11.1 The Work of Gregor Mendel

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Transcript 11.1 The Work of Gregor Mendel

The Work of Gregor Mendel
Section 11.1
11.1 The Work of Gregor Mendel: The
“Father of Genetics”
• The delivery of characteristics from
our parents is called heredity; the
study of heredity is called genetics
• Mendel was born in the Czech
Republic in 1822; he studied science
and mathematics
• He worked in a monastery garden; it
was here where he did work that
“changed biology forever”
Mendel’s Pea Plants
• Mendel worked with self pollinating pea
plants (meaning offspring are identical to
– The traits, or specific characteristics,
of the plants for each generation were
the same
• One day, Mendel decided to cross
pollinate the plants (using two different
– The offspring of parents with different
traits are called hybrids
So what traits did Mendel’s hybrid’s show?
Mendel’s First Conclusion - Genes
• Mendel saw that for each trait, all of the
hybrid offspring had the characteristics of
only one parent
– “The other seemed to disappear”
• He concluded: an individual organism’s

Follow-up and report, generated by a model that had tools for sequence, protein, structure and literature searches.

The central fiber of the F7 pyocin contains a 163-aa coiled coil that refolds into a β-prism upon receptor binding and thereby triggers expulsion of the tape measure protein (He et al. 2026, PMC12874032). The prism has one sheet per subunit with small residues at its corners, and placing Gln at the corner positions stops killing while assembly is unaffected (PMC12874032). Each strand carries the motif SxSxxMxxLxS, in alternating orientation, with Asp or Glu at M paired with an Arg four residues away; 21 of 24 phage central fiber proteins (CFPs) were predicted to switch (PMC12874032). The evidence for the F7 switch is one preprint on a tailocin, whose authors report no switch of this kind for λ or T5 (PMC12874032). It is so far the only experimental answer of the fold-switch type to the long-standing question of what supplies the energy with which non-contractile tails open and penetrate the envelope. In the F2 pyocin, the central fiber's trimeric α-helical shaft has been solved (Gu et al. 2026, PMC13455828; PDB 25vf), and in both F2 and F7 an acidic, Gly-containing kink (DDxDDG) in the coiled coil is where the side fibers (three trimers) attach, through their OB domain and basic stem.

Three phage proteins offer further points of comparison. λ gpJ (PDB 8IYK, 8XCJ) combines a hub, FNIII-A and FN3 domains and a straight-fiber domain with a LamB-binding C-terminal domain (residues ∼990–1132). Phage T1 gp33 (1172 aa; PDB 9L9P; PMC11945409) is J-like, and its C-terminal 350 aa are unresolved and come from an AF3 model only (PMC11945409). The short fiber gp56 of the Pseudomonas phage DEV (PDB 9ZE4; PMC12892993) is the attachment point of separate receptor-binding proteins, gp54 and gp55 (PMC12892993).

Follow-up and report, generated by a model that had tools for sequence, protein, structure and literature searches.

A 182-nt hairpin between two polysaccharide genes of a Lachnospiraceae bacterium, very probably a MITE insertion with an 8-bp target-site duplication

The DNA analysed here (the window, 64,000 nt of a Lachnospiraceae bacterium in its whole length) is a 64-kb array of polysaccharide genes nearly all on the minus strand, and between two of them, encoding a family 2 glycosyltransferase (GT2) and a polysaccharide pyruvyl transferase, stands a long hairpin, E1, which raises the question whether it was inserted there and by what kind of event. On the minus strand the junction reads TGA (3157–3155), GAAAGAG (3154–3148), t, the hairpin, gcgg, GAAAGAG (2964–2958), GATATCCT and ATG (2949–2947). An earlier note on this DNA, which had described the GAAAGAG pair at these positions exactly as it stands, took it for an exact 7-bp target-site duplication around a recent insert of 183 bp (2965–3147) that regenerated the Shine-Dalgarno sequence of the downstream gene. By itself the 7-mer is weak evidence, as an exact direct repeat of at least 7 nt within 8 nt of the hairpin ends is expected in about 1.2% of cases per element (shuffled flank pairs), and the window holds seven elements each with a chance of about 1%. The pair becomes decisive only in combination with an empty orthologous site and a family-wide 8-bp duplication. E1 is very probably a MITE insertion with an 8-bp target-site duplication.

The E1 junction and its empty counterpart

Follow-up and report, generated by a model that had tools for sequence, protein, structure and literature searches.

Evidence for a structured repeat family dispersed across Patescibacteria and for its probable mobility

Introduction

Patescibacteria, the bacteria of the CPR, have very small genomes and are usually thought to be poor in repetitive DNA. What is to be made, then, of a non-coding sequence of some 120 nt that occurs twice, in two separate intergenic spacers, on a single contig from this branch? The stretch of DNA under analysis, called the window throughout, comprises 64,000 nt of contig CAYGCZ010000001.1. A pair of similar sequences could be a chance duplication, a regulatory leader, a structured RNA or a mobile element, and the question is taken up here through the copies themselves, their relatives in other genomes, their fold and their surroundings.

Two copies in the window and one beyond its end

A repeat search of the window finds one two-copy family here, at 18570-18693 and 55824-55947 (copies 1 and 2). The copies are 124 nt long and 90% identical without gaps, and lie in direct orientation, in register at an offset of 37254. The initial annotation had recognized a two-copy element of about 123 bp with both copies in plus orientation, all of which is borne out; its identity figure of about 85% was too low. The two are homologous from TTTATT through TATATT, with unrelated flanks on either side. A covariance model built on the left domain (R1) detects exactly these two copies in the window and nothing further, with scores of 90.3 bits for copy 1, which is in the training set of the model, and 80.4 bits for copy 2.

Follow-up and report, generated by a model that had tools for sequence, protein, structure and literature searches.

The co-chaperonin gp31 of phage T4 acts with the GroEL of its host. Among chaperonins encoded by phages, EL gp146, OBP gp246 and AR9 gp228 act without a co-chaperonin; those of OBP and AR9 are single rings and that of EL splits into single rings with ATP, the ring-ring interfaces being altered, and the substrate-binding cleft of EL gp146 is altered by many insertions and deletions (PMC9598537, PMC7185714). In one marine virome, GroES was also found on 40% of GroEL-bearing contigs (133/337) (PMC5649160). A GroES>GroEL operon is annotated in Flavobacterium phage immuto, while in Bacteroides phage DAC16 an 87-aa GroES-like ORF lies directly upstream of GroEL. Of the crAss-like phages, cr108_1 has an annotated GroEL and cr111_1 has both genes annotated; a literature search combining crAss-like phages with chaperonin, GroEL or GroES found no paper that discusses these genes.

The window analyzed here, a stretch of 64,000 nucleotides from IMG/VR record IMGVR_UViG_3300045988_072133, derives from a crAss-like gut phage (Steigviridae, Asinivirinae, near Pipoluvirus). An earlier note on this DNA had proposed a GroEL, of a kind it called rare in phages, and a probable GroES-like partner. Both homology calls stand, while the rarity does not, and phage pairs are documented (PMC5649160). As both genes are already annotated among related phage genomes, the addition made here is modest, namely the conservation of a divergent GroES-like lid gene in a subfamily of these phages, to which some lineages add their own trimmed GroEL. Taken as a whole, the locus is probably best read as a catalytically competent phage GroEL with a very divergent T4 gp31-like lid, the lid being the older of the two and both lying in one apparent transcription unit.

characteristics are determined by factors
which are passed from one parental
generation to the next
– We know now these factors are genes
Genes & Alleles
• Each of the traits Mendel studied occurred
was controlled by one gene which
occurred in two contrasting ‘varieties’
• The variations produced different
expressions, or forms, of each trait
• Example: gene for plant height occurs in
one form that produces tall plants and
another form that produces short plants
• These different forms of the gene for
plant height are called alleles
How are different forms a gene
distributed to offspring?
• During gamete formation (meiosis),
alleles for a trait separate, or
segregate, from each other so that
each gamete carries only a single
copy of each gene
• The alleles are paired up again during
Mendel’s 2nd Conclusion: The
Principle of Dominance
• He was amazed that the trait
that had “disappeared” in the
first (F1) generation reappeared
in the second generation (F2) –
he concluded:
• This principle states that some
alleles are dominant and others
are recessive.
Dominant and Recessive Traits
• The principal of dominance: some
alleles are dominant and some are
• An organism with at least one dominant
allele will show the dominant form of
the trait
• An organism will only show the
recessive trait if no dominant allele is
present (two recessive alleles)
What were the dominant and
recessive alleles in Mendel’s pea
•In Mendel’s experiments, the
allele for tall plants was
dominant and the allele for
short plants was recessive.
• https://docs.google.com/viewer?a=v&pid=expl